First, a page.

Over 500 people from different countries have been to space since the first manned spaceflight in 1961. Factors of space and spaceflights might cause functional and somatic disorders, leading to increased mortality. Our research goal was to assess cause-specific risk of death among Soviet and Russian cosmonauts who had at least one spaceflight.
The epidemiological cohort study included 115 male cosmonauts. The observation period was 54 yr (January 1, 1961-December 31, 2014) and 2707 person-years of follow-up were obtained. By the end of the period, 84 cosmonauts were still alive and 31 were deceased. The reference groups were the male population of Russia and of the Moscow Region, where Zvezdny City (Star City) is located. Mortality risk was assessed by standardized mortality ratio (SMR) with 95% confidence intervals (95% CI).
Death risk in the cohort was significantly lower than that in both reference groups: for all causes (?00-Y98; SMR = 40), for diseases of the circulatory system (I00-I99; SMR = 37 and 35 compared to Russia and the Moscow Region, respectively), and for other causes, i.e., all causes except circulatory diseases, cancer, and accidents, (SMR = 8). Death risk for accidents (V01-Y98) in the cohort was 1.8-1.9 times lower than that in both reference groups: SMR = 52 (95% CI 19-139) and 56 (21-151), but was not statistically significant. SMR for cancer (C00-C97) was also below 100 (71 and 66), but insignificant.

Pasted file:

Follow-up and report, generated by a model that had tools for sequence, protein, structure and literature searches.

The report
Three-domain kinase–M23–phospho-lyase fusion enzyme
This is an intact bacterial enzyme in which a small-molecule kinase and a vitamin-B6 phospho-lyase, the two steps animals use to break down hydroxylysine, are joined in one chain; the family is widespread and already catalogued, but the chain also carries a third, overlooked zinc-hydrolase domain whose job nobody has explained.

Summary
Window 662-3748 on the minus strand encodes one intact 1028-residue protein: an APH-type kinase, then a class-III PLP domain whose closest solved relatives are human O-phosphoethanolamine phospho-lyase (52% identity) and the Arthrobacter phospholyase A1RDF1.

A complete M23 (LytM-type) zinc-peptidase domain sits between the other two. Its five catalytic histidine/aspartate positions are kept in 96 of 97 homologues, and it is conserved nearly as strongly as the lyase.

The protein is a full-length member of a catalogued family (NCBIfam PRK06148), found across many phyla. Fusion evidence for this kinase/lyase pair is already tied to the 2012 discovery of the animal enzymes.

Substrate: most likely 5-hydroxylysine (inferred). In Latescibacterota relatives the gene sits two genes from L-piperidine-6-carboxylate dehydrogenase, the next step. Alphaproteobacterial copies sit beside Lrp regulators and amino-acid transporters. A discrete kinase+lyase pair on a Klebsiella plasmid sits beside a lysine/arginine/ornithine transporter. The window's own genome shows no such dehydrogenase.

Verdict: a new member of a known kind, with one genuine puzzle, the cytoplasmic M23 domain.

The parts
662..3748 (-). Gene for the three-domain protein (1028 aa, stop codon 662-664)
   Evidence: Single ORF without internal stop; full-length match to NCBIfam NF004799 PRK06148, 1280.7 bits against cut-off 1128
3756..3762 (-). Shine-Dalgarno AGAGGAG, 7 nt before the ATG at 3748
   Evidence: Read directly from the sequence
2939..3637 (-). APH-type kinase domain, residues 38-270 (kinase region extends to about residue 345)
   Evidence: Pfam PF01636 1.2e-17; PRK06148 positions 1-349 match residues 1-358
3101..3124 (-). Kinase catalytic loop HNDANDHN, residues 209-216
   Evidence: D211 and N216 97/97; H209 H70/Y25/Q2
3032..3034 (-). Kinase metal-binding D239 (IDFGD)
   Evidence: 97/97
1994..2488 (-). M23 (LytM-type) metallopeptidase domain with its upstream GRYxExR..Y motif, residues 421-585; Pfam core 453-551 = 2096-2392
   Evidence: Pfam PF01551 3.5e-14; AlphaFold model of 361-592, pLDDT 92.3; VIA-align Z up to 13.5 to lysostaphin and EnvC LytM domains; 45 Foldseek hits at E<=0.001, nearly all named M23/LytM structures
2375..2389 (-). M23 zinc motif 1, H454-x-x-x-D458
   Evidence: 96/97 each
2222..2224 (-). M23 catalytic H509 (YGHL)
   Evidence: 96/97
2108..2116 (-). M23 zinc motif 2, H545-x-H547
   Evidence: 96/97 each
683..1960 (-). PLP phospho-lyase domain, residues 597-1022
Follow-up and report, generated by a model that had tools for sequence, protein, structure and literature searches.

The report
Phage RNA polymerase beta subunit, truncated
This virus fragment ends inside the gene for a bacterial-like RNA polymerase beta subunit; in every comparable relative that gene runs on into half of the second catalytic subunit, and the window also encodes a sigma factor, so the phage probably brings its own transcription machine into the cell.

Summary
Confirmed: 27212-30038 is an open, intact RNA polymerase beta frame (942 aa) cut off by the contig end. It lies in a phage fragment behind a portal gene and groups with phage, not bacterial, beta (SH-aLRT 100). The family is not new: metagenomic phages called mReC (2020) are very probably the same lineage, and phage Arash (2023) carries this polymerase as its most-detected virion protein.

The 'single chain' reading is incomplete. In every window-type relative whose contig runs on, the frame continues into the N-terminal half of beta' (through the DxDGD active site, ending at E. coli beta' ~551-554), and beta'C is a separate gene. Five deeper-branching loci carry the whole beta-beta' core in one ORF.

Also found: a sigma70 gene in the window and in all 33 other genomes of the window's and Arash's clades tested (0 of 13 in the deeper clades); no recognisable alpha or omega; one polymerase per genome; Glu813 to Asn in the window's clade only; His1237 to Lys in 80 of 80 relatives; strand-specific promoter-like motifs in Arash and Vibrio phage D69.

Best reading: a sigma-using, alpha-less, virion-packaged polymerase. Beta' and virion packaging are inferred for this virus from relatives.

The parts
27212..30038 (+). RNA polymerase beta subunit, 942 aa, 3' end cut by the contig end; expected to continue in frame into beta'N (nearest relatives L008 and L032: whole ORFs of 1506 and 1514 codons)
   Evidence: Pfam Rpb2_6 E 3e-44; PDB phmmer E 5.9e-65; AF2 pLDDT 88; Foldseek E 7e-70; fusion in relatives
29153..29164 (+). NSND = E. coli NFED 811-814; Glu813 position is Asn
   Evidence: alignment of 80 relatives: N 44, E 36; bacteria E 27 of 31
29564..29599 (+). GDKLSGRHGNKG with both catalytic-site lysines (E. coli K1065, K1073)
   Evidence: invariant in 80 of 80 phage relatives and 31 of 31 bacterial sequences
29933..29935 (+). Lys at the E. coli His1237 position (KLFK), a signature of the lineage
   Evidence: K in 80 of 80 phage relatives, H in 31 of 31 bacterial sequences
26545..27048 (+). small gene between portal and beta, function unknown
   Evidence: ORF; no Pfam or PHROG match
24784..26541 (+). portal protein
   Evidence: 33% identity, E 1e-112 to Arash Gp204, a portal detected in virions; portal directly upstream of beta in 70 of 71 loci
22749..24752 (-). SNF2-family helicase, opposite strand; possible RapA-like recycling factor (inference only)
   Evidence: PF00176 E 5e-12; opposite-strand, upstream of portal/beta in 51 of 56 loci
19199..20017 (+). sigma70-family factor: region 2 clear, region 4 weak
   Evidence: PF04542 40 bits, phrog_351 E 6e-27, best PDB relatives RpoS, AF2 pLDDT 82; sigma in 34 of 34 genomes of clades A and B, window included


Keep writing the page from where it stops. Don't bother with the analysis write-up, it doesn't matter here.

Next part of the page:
Our findings mainly characterize mortality among the first cosmonauts who have flown to space from 1961 through the 1970s, which indicates the necessity of continuing research.Ushakov IB, Voronkov YI, Bukhtiyarov IV, Tikhonova GI, Gorchakova TYu, Bryleva MS. A cohort mortality study among Soviet and Russian cosmonauts, 1961-2014. Aerosp Med Hum Perform. 2017; 88(12):1060-1065.